Six years of gay marriage and Canada hasn’t crumbled


By Naomi Lakritz, Postmedia News
July 13, 2011

Next week marks the sixth anniversary of same-sex marriage becoming legal in Canada.

Six years isn’t typically a milestone anniversary; those things tend to be divisible by five. But I started thinking about it after spending last weekend reading A Radiant Life, a collection of columns by Nuala O’Faolain, the late Irish journalist.

O’Faolain can be heavy slogging. Not for her writing, which is piercing and luminous, but because she paints a moving, if relentless portrait of a grim, grey Ireland, the Irish green all washed out of it, an alcohol-sodden place of domestic violence, abused children and oppressed, under-valued women. Indeed, one review of her book online was headlined “Emerald Bile.”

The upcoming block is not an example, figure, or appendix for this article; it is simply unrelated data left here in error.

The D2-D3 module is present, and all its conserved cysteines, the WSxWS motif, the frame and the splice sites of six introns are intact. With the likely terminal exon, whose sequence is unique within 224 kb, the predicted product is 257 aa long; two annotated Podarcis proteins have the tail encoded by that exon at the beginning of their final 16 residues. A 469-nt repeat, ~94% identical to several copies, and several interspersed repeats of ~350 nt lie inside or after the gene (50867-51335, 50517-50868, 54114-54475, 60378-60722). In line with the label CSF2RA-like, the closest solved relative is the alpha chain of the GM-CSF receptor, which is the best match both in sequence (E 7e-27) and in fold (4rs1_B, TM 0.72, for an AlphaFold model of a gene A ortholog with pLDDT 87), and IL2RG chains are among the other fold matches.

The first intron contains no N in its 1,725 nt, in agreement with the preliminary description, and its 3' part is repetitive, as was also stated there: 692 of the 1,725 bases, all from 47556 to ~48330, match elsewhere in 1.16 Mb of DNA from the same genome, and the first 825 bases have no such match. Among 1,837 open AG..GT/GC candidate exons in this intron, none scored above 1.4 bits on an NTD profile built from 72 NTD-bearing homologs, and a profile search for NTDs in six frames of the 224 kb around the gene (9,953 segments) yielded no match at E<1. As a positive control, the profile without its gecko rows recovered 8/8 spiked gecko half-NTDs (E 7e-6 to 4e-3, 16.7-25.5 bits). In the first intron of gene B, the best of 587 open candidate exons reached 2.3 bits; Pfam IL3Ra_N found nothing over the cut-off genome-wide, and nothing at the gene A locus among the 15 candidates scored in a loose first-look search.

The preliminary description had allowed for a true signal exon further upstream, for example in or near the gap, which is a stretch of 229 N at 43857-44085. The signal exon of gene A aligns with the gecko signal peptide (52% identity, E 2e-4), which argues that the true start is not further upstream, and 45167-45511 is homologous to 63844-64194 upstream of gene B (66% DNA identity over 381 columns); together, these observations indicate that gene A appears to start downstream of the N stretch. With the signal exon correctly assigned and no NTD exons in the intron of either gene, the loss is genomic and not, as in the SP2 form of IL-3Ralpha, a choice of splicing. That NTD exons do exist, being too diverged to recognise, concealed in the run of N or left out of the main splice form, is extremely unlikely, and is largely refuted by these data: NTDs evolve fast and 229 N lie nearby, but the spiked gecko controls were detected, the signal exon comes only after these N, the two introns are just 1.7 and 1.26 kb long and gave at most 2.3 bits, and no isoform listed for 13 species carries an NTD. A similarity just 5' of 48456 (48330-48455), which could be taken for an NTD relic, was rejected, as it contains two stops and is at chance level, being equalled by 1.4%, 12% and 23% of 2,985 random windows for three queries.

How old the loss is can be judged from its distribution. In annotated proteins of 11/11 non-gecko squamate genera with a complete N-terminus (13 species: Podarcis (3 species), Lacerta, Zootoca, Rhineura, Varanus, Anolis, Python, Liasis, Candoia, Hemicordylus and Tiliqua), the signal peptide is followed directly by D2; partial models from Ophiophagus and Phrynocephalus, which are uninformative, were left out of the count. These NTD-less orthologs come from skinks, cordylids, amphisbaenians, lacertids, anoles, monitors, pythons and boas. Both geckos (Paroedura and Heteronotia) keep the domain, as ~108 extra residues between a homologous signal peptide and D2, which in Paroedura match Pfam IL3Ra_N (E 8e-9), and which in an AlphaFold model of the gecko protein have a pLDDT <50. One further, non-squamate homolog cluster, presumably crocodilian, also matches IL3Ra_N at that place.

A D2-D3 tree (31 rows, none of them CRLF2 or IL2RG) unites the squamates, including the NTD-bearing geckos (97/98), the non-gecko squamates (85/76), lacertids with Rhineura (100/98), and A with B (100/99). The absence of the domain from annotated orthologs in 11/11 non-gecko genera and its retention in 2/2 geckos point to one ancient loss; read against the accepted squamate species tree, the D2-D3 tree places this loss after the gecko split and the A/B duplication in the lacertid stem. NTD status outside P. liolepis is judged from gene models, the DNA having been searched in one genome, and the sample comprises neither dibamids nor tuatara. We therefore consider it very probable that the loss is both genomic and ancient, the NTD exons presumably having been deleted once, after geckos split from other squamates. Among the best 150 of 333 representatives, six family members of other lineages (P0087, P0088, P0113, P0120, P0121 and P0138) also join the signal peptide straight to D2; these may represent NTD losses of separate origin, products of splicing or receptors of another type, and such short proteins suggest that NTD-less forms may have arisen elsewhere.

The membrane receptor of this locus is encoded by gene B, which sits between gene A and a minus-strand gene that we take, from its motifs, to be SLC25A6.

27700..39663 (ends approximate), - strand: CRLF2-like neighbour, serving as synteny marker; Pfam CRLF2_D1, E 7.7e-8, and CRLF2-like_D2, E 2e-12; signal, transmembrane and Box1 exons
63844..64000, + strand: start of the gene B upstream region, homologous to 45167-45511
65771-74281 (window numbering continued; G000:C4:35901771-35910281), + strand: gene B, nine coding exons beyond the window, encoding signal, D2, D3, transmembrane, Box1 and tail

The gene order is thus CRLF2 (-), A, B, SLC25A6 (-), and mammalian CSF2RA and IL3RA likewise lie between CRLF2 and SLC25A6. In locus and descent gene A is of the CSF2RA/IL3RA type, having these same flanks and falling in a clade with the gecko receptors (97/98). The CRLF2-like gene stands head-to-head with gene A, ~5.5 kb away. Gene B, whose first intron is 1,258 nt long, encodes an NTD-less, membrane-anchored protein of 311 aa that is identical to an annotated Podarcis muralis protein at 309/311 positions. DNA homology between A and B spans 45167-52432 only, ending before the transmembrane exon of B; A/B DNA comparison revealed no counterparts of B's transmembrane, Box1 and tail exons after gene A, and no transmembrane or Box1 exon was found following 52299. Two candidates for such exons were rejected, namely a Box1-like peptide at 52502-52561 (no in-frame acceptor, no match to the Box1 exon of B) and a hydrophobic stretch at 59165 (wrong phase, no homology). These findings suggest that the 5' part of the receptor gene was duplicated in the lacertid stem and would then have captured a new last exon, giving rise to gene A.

But it was her column on the progress, or lack thereof, of acceptance of same-sex relationships in Ireland that made me think of Canada’s upcoming anniversary.

In the run-up to Bill C-38 being passed, the naysayers darkly predicted the seismic crumbling of Canadian society as we know it; they said the “gay agenda” would undermine heterosexual marriage and families.

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One Response to “Six years of gay marriage and Canada hasn’t crumbled”

  1. Elizabeth Says:

    I have always had a simple philosophy about gay marriage. If Christian Conservatives and the Catholic Church are against it then I am for it. I am being silly of course but if two people love each other then I see no reason why they should not be able to marry each other. If certain churches do not want to do it then someone else will.

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